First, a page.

CHICAGO — A Panera Bread in Beverly will soon be closing its doors for good, and Ald. Matthew O'Shea (19th) said the minimum age hike Tuesday played a role.
"Is minimum wage a contributing factor? Yes. Is it the sole reason? Absolutely not," the alderman told DNAinfo Chicago Wednesday.
O'Shea said officials at Panera Bread, 2314 W. 95th St., talked to him for weeks about possibly leaving, and when the City Council's vote on the minimum wage was announced Tuesday, Panera representatives told him they would not be renewing their lease.
The City Council voted 44-5 to raise the minimum wage to $13 an hour over the next five years. O'Shea, who supported raising the minimum wage at a federal or state level, was one of five votes against the council measure to raise the minimum wage in the city.
"Panera is 100 feet from the suburbs," O'Shea said adding that the close proximity suburban Evergreen Park might lure businesses to literally move across the street.
O'Shea said Panera wasn't the only business considering leaving. Prior to Tuesday's vote, several businesses along 95th Street, Western Avenue and all over the area told him if the minimum wage was raised they'd have "difficult decisions to make," he said.
"After yesterday's news we're going to see other businesses making transitions, whether that means closing their doors or moving across the street to the suburbs," he said Wednesday.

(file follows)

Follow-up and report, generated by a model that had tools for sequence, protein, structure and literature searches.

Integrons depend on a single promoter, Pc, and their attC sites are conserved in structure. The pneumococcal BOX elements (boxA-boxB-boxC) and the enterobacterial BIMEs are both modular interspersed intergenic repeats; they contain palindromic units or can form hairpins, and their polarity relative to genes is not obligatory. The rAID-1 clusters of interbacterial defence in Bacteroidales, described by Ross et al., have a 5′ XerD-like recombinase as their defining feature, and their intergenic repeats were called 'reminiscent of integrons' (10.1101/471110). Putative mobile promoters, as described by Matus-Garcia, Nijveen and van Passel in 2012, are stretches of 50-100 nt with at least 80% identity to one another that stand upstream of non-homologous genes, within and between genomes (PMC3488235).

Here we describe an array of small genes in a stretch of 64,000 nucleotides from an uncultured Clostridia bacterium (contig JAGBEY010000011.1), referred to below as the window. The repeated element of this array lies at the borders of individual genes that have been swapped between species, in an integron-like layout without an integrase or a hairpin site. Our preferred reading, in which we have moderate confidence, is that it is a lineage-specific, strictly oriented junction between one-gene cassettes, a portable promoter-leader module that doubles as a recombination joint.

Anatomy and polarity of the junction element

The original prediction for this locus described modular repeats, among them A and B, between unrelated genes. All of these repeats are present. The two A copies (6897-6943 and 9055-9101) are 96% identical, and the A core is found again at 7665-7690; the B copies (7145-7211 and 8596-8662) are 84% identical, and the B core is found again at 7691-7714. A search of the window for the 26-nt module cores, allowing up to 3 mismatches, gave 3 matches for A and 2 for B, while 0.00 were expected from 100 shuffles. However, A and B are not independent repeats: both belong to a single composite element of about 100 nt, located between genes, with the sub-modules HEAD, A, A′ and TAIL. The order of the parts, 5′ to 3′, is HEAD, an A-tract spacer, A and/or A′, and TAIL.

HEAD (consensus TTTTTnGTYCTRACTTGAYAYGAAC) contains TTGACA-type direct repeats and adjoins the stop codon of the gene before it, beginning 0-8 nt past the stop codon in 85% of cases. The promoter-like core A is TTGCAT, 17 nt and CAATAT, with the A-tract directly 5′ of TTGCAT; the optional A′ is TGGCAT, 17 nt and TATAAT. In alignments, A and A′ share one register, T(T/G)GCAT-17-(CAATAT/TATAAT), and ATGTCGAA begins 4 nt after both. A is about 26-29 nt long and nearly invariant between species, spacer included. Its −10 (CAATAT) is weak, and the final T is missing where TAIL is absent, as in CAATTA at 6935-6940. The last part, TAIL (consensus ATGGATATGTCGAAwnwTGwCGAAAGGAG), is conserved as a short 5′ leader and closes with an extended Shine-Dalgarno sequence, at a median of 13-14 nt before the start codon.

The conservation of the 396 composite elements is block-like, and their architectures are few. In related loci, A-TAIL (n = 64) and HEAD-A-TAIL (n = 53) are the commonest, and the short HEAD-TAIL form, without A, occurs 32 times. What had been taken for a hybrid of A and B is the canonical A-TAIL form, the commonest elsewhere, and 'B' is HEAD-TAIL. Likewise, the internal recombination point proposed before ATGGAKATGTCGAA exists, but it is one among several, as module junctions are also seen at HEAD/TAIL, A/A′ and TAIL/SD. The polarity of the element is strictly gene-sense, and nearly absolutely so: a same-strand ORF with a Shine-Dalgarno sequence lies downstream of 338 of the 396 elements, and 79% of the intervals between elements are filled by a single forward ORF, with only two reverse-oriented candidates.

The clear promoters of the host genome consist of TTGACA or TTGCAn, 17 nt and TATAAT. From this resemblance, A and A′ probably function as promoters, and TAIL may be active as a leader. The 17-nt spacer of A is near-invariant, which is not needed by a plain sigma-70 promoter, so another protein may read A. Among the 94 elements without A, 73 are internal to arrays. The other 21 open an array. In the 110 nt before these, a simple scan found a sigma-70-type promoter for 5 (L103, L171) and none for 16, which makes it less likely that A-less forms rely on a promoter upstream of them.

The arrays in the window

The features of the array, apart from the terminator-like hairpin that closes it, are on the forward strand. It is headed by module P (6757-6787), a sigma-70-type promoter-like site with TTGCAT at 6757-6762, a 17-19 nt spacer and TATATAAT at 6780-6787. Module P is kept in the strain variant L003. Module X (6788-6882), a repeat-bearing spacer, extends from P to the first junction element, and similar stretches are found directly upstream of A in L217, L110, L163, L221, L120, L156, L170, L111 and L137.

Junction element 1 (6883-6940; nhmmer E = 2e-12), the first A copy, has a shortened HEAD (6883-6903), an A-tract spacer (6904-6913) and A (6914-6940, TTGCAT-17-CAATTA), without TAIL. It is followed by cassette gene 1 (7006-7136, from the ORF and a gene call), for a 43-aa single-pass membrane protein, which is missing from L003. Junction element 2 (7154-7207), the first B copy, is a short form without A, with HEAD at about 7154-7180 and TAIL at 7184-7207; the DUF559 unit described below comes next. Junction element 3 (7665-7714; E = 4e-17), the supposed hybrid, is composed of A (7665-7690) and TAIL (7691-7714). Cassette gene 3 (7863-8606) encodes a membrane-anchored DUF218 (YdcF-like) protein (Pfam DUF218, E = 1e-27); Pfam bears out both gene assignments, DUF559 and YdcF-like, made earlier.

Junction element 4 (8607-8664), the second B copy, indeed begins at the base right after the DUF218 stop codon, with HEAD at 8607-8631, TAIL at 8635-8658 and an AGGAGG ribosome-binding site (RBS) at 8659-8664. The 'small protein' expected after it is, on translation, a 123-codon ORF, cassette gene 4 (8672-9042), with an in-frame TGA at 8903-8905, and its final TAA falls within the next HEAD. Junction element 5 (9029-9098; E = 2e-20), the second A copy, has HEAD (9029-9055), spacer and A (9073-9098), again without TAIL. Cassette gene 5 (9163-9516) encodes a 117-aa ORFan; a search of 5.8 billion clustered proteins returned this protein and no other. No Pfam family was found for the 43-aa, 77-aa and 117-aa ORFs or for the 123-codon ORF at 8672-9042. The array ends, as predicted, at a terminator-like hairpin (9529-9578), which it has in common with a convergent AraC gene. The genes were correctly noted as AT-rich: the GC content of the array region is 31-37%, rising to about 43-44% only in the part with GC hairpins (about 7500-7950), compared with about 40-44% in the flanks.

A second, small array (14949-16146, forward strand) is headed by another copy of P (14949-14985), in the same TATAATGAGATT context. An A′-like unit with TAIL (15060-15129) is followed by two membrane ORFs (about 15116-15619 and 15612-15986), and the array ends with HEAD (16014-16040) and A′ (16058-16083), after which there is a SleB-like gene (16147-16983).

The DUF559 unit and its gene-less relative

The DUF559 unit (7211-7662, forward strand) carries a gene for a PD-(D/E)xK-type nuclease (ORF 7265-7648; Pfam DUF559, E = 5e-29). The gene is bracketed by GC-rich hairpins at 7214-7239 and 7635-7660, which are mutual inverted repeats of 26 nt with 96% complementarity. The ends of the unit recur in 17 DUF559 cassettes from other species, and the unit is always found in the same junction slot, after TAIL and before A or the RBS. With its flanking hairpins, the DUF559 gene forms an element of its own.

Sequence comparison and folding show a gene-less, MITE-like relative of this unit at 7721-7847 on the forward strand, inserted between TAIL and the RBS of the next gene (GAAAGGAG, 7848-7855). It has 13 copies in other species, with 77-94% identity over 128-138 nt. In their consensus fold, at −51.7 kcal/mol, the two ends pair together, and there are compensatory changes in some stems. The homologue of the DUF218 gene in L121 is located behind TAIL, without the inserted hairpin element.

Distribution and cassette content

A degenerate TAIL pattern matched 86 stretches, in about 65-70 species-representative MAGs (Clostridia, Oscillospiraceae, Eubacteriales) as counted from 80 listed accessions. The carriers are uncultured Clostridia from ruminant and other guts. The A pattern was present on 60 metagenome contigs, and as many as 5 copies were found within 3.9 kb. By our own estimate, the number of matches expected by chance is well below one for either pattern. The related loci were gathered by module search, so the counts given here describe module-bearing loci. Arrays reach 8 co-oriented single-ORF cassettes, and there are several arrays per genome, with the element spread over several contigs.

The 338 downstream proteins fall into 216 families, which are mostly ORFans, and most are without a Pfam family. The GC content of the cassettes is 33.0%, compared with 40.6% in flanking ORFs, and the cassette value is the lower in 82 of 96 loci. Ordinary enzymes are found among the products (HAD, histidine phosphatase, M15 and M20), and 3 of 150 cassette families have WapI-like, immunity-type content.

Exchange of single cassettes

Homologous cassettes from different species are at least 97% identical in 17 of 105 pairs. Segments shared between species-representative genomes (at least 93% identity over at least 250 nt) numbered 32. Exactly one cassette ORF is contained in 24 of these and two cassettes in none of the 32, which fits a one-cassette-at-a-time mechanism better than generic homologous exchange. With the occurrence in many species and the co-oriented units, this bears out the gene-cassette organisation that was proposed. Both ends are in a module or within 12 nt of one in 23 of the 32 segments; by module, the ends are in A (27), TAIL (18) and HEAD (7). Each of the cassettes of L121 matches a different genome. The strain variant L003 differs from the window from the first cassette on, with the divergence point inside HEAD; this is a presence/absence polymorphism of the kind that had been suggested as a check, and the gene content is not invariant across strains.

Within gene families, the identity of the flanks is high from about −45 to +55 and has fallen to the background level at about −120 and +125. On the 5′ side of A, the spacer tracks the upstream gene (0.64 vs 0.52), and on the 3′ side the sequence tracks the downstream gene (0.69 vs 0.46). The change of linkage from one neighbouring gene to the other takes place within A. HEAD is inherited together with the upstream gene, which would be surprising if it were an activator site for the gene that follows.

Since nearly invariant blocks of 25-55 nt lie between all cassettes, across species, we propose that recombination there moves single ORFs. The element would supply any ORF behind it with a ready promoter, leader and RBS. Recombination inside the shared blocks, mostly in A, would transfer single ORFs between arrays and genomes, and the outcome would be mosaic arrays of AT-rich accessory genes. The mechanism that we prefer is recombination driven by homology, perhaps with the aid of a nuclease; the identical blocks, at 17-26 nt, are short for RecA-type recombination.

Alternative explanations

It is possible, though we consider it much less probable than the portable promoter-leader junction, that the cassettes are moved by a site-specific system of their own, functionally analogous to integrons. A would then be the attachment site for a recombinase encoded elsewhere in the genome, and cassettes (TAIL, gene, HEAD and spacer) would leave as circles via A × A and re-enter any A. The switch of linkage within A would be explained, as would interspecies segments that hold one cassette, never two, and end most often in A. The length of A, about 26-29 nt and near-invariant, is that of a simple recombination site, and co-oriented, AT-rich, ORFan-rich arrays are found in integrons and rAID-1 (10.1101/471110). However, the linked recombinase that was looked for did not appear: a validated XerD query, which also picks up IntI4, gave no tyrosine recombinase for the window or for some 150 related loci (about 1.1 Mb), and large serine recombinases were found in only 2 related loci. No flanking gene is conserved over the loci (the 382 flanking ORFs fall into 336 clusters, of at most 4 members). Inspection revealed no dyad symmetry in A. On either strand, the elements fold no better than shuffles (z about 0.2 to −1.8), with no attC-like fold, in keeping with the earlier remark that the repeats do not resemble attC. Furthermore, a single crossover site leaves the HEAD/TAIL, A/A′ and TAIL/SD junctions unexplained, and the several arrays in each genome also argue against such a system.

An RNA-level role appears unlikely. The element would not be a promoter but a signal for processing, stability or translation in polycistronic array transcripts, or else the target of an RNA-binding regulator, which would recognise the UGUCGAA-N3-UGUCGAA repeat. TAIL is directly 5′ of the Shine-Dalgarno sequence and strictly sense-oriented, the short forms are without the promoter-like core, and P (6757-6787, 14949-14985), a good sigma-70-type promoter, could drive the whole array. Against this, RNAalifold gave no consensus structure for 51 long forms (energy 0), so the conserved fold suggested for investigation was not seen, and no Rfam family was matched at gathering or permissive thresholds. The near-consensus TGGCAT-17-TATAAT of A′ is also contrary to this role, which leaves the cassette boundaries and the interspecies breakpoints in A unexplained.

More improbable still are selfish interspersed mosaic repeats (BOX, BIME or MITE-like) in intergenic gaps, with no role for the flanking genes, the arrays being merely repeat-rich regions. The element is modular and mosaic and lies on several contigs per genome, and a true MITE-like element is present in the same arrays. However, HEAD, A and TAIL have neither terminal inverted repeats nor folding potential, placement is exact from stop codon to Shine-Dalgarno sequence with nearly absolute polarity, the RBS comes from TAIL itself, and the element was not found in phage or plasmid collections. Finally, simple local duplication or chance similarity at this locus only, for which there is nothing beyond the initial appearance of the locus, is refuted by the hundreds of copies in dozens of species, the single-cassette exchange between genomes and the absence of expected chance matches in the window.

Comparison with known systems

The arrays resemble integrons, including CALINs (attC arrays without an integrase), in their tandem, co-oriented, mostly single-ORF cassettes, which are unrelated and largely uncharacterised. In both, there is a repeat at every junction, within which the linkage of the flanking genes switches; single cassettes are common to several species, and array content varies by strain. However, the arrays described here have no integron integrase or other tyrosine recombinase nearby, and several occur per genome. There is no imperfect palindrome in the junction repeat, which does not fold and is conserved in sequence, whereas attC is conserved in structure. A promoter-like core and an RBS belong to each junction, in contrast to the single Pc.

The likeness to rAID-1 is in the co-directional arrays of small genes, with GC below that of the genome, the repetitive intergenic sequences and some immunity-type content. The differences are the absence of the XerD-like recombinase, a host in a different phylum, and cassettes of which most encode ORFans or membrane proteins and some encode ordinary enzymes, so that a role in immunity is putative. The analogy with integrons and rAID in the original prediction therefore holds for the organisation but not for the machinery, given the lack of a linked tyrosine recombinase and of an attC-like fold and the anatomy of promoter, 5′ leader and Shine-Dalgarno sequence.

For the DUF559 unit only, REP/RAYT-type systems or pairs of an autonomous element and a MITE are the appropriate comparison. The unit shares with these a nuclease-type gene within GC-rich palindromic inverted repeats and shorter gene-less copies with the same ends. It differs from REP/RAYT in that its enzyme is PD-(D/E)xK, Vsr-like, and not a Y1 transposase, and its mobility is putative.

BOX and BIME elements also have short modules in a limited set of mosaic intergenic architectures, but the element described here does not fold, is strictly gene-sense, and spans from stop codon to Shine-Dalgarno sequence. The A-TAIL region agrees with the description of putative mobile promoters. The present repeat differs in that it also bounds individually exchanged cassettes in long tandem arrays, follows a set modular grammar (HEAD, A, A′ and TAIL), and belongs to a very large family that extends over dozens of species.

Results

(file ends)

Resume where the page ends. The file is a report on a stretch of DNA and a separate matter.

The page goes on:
"The simple fact is it's cheaper to operate a business in the suburbs than in the city," he said.
Before the wage hike was approved, Lynn Sapp, owner of Beverly's Original Rainbow Cone at 9233 S. Western Ave., made an emotional appeal against raising the city's minimum wage, and O'Shea said he expected Sapp to cut the number of student workers she hired each summer.
Panera Bread confirmed the location would be closing in about two weeks in a news release.
"For years, the Panera Bakery-Cafe on 95th Street has been privileged to serve and feel the support of the community. We continually invest in efforts to improve and renovate bakery-cafes to ensure that our guests have the dining experience they have come to appreciate from the brand. Unfortunately, in some locations, it is difficult to achieve the standards we believe will meet guest expectations," read the release.
"With the expiration of our lease, we have decided to close our Beverly location on December 16th. We will provide opportunities for all associates and managers who wish to continue with our company at other Chicagoland locations," read the release.
Panera officials did not respond to requests for additional comment Wednesday.
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